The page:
Mental illness is a serious discussion that is often brushed aside by our very own Asian American and Pacific Islander community. The different conditions associated with one’s mental health range from anxiety to depression to eating disorders and bipolar disorder. These conditions can sometimes result in suicidal thoughts.
Plenty of young teens are considered to have a mental illness condition, especially if they come from an ethnic background. According to Adolescent Mental Health, half of mental health conditions begin at the age of 14, and suicide is the leading cause of death for 15 to19-year olds. Because of this, I wanted to mainly focus on racial/ethnic teens because I believe that mental illness is a topic that desperately needs to be discussed among diverse communities for the safety of our children.
Racial/ethnic minorities are thought to be more likely to suffer from poor mental health outcomes due to a myriad of factors. In addition, the consequences and after effect that minorities experience regarding their mental health problems are considered more long-lasting and more severe. It has been proven that white teens are more likely to suffer from mental health problems in comparison to other diverse teens.
However, coming from an ethnic background, I can confidently say that racial/ethnic minorities suffer the most. I am in no means disregarding the pain and suffering that Caucasion teens experience daily. I am only merely focusing on my personal experience as a Pacific Islander who has lived in a diverse community her whole life.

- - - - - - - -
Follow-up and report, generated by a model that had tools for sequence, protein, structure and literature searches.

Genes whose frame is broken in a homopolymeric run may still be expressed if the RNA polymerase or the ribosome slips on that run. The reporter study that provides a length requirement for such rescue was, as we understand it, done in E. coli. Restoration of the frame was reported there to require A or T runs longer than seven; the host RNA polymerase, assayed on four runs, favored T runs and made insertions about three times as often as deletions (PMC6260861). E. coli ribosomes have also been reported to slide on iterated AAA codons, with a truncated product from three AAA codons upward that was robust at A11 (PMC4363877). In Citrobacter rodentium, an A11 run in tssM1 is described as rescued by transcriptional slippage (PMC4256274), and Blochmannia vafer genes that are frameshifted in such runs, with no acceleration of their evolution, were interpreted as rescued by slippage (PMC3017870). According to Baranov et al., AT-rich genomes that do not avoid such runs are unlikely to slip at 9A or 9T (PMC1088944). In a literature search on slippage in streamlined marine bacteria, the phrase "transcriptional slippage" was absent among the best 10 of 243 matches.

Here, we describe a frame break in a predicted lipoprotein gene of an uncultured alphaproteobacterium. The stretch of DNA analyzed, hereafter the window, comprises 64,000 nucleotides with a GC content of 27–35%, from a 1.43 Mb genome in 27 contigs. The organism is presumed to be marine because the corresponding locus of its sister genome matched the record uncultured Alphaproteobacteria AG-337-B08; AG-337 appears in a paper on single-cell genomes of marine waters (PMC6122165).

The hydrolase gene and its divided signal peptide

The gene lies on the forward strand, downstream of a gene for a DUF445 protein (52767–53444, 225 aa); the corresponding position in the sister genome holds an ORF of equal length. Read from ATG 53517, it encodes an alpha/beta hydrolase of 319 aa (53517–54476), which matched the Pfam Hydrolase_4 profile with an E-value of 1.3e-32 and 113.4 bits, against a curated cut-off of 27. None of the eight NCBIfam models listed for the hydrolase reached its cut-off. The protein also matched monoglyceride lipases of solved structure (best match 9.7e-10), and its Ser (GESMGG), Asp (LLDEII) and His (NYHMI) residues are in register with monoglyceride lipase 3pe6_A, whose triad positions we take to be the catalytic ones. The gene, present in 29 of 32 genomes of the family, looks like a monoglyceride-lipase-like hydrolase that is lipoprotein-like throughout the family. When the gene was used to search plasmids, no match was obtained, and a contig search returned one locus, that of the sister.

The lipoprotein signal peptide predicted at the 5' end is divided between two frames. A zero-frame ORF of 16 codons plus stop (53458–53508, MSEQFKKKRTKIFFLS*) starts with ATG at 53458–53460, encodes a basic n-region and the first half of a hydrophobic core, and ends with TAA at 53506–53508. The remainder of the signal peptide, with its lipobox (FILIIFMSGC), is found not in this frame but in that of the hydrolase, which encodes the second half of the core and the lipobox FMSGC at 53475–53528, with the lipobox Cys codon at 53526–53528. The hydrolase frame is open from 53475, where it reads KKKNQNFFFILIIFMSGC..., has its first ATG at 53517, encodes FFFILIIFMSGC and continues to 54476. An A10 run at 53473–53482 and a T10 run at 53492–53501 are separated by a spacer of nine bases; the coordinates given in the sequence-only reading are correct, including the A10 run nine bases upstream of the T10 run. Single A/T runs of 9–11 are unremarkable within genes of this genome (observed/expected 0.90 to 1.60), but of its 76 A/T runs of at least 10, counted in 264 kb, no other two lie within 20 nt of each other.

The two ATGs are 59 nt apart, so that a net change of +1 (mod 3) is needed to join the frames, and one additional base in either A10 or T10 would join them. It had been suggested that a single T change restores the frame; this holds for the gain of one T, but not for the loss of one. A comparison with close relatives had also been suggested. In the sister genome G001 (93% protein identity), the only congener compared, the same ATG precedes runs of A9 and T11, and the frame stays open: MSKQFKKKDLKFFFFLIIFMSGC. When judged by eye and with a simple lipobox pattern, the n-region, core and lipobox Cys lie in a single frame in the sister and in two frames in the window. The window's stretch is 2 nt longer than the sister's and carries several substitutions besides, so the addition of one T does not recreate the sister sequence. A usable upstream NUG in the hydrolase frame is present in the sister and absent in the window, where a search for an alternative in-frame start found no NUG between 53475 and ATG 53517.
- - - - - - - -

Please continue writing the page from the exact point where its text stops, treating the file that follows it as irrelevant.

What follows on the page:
I have heard of people I once knew taking their own lives due to the hardships they faced everyday. I have heard of kids opening up to their parents about their personal problems and then being told to “pray about it” or “sleep it off” as a form of response. I was diagnosed with depression and anxiety a few weeks ago and was also told to “pray about it” as a form of response. I was also told that mental health problems do not run in the family, as if depression was hereditary.
Being told that you’re only going through these problems because you’re fading away from The Lord is the worst response someone could ever give a person with mental health problems. Not only are you belittling their mental health problems, but you’re also showing them that you’re not listening or hearing them out. It is things like this that made me want to speak out and hopefully change the way we see things as an ethnic community, for the sole purpose of saving our children.
Growing up on a tiny religious island, we were almost always forced into religion by our elders. We were always told to pray whenever we were going through tough times. For example, if we were feeling sad then we should pray about it. If we wanted the government to change then we should pray about it. If we wanted to end racism then we should pray about it. It was as if our elders forced religion onto things that needed real solutions instead. Don’t get me wrong, I know my God can move mountains. However, I also know that certain things can only be solved by actually doing something instead of sitting around.
These past few months, there have been about six deaths caused by suicide in American Samoa. I believe there’s more but I am only aware of six. The amount of suicides on a tiny island with not that many people is really difficult to process. Our children are suffering in front of our eyes and the only solution they’re being given is to pray.
We need real help and the system needs to change.